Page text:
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Renewables power two thirds of FTSE100

The majority of the UK’s largest firms now use renewable energy, which provided nearly a third of the country’s electricity in the second quarter of 2017 - a new record.

The majority of the UK’s largest firms now use renewable energy, which provided nearly a third of the country’s electricity in the second quarter of 2017 - a new record.

The latest statistics from the Department for Business, Energy and Industrial Strategy revealed the share of renewables in the UK’s electricity mix between April and June 2017 reached 29.8 per cent, a new quarterly record.

Most of this was generated by wind power, although solar also now plays a key role in the middle of the day. In April, the country went without coal power for a whole day partly because of strong solar generation - the first time this has happened since the Industrial Revolution. 

Overall just 2.1 per cent of electricity was delivered by coal between April and June, with the remainder made up from gas and nuclear.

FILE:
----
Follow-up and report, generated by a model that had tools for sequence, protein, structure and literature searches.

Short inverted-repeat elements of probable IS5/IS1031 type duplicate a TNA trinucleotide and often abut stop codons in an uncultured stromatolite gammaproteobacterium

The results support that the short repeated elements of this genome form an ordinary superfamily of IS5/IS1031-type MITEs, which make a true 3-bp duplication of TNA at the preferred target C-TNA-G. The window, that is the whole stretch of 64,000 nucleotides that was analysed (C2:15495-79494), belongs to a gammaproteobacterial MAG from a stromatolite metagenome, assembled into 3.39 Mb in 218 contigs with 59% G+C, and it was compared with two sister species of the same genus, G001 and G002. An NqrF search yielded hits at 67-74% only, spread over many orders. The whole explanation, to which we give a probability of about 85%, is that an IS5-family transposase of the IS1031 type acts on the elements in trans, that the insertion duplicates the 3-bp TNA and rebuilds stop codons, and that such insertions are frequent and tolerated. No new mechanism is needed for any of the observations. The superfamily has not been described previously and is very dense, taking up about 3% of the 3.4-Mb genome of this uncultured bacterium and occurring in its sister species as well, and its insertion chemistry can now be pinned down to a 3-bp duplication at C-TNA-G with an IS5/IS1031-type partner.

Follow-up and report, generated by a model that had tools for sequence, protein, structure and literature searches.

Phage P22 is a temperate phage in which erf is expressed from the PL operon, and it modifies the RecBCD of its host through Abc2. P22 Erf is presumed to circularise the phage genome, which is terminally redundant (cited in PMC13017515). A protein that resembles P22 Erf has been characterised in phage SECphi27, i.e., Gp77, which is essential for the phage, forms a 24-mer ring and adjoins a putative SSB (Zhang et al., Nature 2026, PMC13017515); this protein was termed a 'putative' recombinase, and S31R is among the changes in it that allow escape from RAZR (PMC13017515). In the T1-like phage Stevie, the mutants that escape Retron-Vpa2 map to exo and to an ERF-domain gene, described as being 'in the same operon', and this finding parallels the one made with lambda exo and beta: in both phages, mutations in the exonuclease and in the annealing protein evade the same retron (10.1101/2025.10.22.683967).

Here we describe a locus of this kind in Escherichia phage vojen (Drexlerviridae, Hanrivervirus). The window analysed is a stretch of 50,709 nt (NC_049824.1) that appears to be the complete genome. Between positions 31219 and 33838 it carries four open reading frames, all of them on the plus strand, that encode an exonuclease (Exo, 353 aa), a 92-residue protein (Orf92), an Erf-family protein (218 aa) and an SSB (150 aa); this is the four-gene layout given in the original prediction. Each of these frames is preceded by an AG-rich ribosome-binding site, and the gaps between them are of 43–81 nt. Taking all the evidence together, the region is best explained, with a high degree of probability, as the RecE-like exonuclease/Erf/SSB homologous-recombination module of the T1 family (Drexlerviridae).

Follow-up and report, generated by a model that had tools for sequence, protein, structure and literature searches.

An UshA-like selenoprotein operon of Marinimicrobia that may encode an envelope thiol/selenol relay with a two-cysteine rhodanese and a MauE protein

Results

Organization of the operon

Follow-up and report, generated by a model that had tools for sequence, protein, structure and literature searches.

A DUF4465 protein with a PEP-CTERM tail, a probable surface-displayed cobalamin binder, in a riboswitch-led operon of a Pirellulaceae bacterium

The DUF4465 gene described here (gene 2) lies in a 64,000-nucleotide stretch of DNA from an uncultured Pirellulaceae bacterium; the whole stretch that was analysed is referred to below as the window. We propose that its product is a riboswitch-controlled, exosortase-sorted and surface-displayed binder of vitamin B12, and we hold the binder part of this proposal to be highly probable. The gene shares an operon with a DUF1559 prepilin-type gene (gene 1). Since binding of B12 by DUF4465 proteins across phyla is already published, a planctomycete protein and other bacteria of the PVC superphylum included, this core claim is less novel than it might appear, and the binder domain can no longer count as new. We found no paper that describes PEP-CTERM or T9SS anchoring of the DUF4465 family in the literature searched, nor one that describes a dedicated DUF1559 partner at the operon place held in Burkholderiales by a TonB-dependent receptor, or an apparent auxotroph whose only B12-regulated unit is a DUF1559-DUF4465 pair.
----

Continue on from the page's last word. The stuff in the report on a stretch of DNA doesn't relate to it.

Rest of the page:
‘Technology of choice’

New research shows that the renewables success story is being backed by most of the UK’s biggest companies.

According to sustainability consultancy Carbon Clear, 66 of the FTSE100 now use renewable energy, with 75 per cent of the index considering climate change a key business opportunity. 

“There has been a clear increase in momentum over the past year in how companies manage their environmental stewardship responsibilities”, said Mark Chadwick, chief executive of Carbon Clear.

“Mostly, this is driven by market factors, specifically in the cost of renewable energy generation and the widespread adoption of renewables as a technology of choice by communities, businesses, regions and countries.”

Leaders of the pack

Marks & Spencer was found to be the highest scoring FTSE100 firm, followed by BT in second and Unilever and B&Q owner Kingfisher in third. 

The success of renewables is also forcing a noticeable shift in the energy industry. Danish energy company DONG Energy, which has invested heavily in offshore wind farms in the UK, recently revealed that it will changing its name to Ørsted in order to ditch its ‘Danish Oil & Natural Gas’ roots.